While doing research on Queen Mary I of England, I happened to find this book about her husband King Philip II of Spain. It was published by the Yale University Press in 2014 and Geoffrey Parker is a known authority on the reign of this king. Parker states he began research and the writing of a biography of Philip in the 1960’s. He states in the introduction that his first effort is 1600 pages long and trusted editors worked on that volume to produce this shortened version of the book.
Parker gained access to some papers of Philip’s reign in 2012. These documents were part of a huge collection which were stored in a vault in the Hispanic Society of America in New York City. They remained unseen from the time Philip’s secretaries had filed them away until 2012 when they were identified and catalogued. This allowed Parker to update his biography even further with this new found information.
King Philip did not allow anyone to write about his life while he lived so there are no contemporary books about him. Parker states in his introduction that his intention was to tell Philip’s life story using only Philip’s words. Philip was known as “the paper king” and left mountains of paperwork either written in his own hand or with annotations on other people’s documents. Parker succeeds in his mission to do this. It is really fascinating to read these words, giving great insight into the mind of this man who ruled an empire upon which the sun never set.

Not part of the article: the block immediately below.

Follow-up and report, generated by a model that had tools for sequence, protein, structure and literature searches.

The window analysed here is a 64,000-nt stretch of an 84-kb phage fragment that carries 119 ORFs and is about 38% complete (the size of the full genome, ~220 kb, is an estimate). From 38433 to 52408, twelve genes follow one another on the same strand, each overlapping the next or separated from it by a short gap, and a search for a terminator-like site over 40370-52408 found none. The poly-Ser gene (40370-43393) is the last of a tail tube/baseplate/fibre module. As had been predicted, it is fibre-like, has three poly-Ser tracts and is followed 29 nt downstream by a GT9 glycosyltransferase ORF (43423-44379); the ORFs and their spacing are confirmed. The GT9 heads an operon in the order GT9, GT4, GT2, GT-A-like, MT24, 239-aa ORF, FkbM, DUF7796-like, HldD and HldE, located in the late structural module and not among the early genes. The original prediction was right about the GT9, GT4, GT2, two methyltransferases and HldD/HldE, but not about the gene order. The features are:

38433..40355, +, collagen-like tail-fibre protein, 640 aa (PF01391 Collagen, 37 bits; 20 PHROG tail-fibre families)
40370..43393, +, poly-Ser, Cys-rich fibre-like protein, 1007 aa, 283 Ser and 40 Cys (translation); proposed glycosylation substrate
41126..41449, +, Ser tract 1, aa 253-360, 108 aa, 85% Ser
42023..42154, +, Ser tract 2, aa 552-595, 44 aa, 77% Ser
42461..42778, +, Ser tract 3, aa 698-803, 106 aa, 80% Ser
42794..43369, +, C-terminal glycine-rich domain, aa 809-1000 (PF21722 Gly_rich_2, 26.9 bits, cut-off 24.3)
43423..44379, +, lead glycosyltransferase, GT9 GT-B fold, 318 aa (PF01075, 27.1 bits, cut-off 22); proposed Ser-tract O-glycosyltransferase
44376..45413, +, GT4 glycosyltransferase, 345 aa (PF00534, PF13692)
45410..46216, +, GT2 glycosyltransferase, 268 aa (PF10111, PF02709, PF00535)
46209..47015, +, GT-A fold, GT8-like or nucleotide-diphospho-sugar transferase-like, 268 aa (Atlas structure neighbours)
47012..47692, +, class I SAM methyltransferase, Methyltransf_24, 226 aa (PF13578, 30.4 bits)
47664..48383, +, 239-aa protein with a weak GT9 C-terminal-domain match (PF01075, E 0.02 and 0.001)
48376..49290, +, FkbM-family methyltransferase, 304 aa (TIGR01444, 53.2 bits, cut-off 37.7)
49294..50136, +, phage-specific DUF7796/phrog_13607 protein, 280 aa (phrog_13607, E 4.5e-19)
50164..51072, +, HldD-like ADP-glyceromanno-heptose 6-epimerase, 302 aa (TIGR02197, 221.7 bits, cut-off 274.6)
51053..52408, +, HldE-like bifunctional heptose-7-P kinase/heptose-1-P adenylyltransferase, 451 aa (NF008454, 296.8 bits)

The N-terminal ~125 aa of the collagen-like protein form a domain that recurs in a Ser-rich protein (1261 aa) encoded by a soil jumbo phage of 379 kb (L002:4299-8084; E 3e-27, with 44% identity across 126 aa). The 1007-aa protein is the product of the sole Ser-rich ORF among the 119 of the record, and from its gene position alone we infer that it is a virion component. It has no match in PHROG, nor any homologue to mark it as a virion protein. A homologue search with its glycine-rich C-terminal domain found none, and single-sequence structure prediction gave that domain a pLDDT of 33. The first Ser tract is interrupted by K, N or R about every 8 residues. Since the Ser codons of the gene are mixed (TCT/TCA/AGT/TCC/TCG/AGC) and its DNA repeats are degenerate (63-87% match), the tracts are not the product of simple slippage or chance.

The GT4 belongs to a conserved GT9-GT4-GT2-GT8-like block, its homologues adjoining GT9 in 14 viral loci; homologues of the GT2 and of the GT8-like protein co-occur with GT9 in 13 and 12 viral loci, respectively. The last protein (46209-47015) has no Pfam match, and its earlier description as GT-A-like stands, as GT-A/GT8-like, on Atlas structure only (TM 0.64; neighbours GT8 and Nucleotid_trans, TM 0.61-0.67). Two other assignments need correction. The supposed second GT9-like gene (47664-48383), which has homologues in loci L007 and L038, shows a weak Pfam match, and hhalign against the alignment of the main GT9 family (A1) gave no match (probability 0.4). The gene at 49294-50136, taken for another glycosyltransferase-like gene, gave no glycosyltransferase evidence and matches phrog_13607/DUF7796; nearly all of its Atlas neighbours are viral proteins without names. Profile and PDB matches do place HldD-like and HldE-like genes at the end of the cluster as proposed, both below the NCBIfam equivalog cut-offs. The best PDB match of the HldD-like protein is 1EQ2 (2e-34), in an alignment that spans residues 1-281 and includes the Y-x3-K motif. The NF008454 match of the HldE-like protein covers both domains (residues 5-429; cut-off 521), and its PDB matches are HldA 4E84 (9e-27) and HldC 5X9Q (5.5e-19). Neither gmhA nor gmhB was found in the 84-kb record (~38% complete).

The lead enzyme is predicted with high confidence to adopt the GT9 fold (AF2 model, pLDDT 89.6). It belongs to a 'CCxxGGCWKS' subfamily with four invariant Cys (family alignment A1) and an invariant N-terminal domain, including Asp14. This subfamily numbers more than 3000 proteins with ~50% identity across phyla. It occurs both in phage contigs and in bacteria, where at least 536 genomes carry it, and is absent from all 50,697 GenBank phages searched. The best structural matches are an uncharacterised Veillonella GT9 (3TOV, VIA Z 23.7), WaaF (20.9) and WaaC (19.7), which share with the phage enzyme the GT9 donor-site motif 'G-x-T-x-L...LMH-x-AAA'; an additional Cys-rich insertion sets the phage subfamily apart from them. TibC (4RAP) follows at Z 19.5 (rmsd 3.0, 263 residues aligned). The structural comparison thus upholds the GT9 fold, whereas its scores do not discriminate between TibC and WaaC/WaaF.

I’ve never read a biography that goes into such great detail. While some might find the minutiae irritating or boring, I found it interesting. A couple of things that struck me were how Philip ate lunch every day and would mention “come see me after lunch” or “we will work on this during lunch”. Among other things, Philip began work on one of the greatest Renaissance royal residences: El Escorial. After hearing about the building of this massive project, I would really like to visit.
Another chapter discusses genetics and the intermarriage of the Hapsburgs and how this affected their health, especially Philip’s son Don Carlos. There is a graph showing Don Carlos’ family tree. Parker explains he was the great-grandson of Juana of Castile through both is father and his mother, giving him a double dose of mental instability. And, instead of having eight great-grandparents, he only had four. No wonder his physical and mental health were unstable.
The author gives his theory on the murder of Juan Escobedo, one of Philip’s principal secretaries. He believes Philip was culpable for this murder and goes to great lengths in explaining why. It’s almost like a detective story. Parker is very good at telling it like it is about King Philip, good and bad. This is a really good read and whether the reader has knowledge of Spanish history or not will find it worthwhile.